Science at Canada's Leading Innovative University

As an integral part of Canada’s most innovative university, the Faculty of Science is a global leader and a preferred destination for those seeking to engage in world-class basic and applied research.

We take this valuable research strength and translate into hands-on education and co-op experiences that prepare Science students for rewarding careers. Student-directed programs such as Velocity Science give entrepreneurial students the opportunity to turn their ideas into businesses while the iGEM team compete at international synthetic biology competitions. Our award-winning Science Outreach events are designed to inspire the next generation of scientists.

From understanding the universe, to protecting our water resources to improving the health of Canadians to educating the next generation, Waterloo Science is shaping the future through discovery.

  1. Aug. 26, 2016Waterloo chemists develop promising cheap, sustainable grid energy storage

    wind turbines.

    Waterloo chemists have developed a safe, high-capacity zinc-ion battery that costs half the price of current lithium-ion batteries, yet lasts twice as long.

  2. Aug. 22, 2016Pharmacy student Heidi Fernandes volunteers as part of health clinic in Peru

    Heidi Fernandes gives medicine to a little boy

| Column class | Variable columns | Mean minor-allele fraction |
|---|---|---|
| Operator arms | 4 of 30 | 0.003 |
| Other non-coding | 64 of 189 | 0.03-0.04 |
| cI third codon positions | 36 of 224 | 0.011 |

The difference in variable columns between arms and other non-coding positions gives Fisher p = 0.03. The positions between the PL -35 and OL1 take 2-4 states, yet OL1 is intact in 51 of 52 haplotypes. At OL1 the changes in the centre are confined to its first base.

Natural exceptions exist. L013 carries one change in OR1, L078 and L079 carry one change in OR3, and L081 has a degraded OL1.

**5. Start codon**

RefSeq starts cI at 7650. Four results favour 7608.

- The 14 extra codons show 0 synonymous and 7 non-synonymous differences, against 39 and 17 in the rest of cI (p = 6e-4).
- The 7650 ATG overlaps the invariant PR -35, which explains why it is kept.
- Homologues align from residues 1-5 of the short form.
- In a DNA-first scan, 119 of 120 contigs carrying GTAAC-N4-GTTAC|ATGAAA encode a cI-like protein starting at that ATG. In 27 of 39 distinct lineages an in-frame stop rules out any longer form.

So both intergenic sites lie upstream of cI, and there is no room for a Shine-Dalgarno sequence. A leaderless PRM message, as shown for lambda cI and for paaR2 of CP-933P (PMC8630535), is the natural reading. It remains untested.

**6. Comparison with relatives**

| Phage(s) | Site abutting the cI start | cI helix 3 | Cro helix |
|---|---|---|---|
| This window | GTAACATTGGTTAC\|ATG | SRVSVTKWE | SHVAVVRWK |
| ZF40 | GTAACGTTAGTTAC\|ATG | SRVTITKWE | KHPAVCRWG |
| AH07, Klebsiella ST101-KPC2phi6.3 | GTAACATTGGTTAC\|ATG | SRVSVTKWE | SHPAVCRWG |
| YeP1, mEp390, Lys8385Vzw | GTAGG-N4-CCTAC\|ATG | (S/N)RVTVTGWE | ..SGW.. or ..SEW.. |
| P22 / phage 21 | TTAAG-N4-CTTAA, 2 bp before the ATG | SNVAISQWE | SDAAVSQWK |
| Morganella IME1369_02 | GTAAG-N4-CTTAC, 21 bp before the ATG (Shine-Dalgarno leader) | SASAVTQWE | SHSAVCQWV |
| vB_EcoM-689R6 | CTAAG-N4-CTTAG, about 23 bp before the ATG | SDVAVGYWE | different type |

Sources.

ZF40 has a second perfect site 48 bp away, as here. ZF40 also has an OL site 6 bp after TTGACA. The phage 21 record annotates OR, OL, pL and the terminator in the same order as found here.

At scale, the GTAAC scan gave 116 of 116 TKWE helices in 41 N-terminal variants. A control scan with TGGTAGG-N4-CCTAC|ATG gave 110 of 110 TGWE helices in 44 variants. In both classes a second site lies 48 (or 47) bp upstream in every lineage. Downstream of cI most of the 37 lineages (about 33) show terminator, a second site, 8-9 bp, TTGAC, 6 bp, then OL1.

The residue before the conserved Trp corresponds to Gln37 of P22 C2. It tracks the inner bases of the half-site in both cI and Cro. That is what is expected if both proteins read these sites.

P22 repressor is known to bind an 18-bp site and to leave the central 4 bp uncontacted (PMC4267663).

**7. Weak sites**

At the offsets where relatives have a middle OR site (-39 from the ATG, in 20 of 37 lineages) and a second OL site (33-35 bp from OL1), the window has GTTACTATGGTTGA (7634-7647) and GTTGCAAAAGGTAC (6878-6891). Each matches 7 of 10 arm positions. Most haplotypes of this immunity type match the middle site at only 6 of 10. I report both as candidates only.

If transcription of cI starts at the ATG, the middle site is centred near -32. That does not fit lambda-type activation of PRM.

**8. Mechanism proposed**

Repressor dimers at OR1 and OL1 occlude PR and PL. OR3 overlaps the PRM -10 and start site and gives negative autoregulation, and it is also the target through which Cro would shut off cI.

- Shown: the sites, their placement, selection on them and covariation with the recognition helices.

Waterloo Pharmacy student Heidi Fernandes has had a passion for global health ever since she travelled to Brazil on vacation. This July, Fernandes acted on that desire to create positive change for a community in Peru.

    I was struck by the slums of Rio de Janeiro and knew then I wanted to help people in life," says Fernandes. "It actually became one of the reasons I chose pharmacy as a career.

    She, along with 20 other healthcare professionals and students, travelled to Peru as part of McMaster University’s Medical School and Brock University’s Solidarity Experiences Abroad (SEA).

  3. Aug. 16, 2016CIHR funds Prof. William Wong’s investigation into patient perspectives and Hepatitis C

    Prof William W.L. WongGlobally, Hepatitis C affects 130-150 million people. With antiviral medications, approximately 90% of those millions can be cured.

    However, antiviral medications are costly, and even in developed countries many governments struggle with which medications should be subsidized and when.

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